AP, May 25, 2009
The cafes, the school and the roller rink are long gone from Alabama’s oldest black city. Empty homes and businesses line the narrow streets.
Hobson City has no police or fire department, and weeds have overgrown the oldest part of the cemetery and a park.
But this small town once thrived as a place where black people were in charge in the midst of the Jim Crow South.
Now, with the town on the verge of dying, preservationists have put the east Alabama landmark on the critical list. The Alabama Historical Commission this month included the town of 878 people on its annual inventory of “Places in Peril.”
The commission’s list typically includes historic structures, such as old homes and abandoned theaters. Hobson City is an exception: an entire town that in recent decades has seen its foundation collapse.
Incorporated in 1899, Hobson City was formed 12 years after Eatonville, Fla., which calls itself the nation’s oldest black city.
Hobson City’s residents created “a thriving municipality, which people at the time said couldn’t be done because blacks couldn’t govern,” said Dorothy Walker, public outreach coordinator with the Alabama Historical Commission. “If it is someday absorbed into another city, it will lose that historic identity.”
A two-mile-long sliver about 60 miles east of Birmingham, Hobson City is as narrow as a few hundred yards in places. Wedged between two predominantly white cities, Oxford and Anniston, it has a few white residents.
During the 1800s, Walker said, it was an all-black section of Oxford called Mooree Quarter, a possible reference to old slave quarters in the area. Residents were allowed to vote, but whites maintained control.
The racial relationship shifted in the 1890s when the people of Mooree Quarter swayed an election, Walker said. The state had not yet disenfranchised blacks–that wouldn’t happen until 1901. So, Walker said, whites petitioned state leaders to de-annex Mooree Quarter.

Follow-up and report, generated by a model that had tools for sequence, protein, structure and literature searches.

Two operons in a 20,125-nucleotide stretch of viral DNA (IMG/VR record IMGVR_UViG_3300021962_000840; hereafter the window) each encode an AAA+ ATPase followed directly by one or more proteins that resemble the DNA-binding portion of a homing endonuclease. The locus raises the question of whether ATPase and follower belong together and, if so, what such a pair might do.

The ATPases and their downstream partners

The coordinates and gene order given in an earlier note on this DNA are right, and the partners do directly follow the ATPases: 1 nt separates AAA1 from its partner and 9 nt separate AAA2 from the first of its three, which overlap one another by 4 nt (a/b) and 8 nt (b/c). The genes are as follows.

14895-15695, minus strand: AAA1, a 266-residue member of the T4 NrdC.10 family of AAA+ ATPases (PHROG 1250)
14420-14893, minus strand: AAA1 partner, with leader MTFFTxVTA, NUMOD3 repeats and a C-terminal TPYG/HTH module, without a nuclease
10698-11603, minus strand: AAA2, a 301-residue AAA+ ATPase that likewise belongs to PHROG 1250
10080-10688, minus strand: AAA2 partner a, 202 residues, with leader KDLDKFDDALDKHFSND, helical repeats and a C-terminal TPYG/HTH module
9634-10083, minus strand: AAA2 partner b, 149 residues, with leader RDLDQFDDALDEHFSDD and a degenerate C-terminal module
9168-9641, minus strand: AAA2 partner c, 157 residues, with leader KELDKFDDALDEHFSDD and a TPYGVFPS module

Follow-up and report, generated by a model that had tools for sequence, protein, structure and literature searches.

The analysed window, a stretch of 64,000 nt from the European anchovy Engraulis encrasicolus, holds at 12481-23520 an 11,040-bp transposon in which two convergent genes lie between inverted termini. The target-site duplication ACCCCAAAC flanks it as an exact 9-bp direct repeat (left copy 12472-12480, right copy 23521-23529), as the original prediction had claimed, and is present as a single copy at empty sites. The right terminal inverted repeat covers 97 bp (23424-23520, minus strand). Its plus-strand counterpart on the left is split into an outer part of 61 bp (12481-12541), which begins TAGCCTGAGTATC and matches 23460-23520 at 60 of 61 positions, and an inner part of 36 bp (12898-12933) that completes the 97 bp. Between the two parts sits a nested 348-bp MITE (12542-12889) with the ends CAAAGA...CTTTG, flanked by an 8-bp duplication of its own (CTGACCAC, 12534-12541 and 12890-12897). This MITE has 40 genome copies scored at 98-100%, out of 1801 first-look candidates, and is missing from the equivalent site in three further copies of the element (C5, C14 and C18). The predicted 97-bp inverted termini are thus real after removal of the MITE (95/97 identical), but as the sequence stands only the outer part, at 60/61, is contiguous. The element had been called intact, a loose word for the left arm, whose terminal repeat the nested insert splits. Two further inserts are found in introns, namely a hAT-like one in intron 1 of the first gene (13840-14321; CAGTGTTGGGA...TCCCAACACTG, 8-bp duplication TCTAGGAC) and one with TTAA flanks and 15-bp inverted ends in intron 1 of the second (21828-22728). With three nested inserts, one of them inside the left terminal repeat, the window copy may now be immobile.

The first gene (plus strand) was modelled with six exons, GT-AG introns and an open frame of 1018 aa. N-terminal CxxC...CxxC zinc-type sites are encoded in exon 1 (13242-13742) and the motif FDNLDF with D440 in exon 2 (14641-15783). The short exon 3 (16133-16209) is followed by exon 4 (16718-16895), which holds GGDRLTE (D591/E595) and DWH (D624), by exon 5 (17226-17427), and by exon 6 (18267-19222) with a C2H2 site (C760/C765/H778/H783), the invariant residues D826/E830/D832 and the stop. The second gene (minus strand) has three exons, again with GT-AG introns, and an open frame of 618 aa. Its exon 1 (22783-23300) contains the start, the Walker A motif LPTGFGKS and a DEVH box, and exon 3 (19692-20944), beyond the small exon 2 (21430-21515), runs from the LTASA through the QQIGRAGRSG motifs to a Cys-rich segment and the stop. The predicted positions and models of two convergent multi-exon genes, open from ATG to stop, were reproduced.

Kicked out of Oxford, blacks incorporated a new city and named it for Richmond P. Hobson, a white Spanish-American War hero from Alabama who was later elected to Congress. The 1900 Census put the new town’s population at 292.
Hobson City grew to about 1,500 people by the mid-1900s, with restaurants, laundries, stores, a skating rink and other businesses. The town was poor, but had a vibrant culture centered on the all-black vocational school.
Federal anti-poverty money flowed to Hobson City in the 1960s, and federal aid helped build a modern municipal complex in the 1970s. But in an ironic twist, McCrory said, the end of racial segregation sent the city into a tailspin around the same time.
“Sometimes I think I wouldn’t have gone out and done all that marching if I realized how much we were going to lose,” said McCrory, 61, who participated in civil rights protests as a young woman.
The all-black Calhoun County Training School became an integrated elementary school in 1972, and fair housing laws meant blacks could live elsewhere. Many who could afford to move away did so, costing Hobson City hundreds of residents.
The city still has a police car and a fire truck, but it can’t afford officers or firefighters. County deputies handle police calls, and neighboring cities help with fires.
Being tabbed a “Place in Peril” doesn’t include any special funding, but McCrory hopes it will increase public awareness of the town’s plight.
She dreams of a campaign to raise $1 million in donations, which could lead to federal and state matching grants.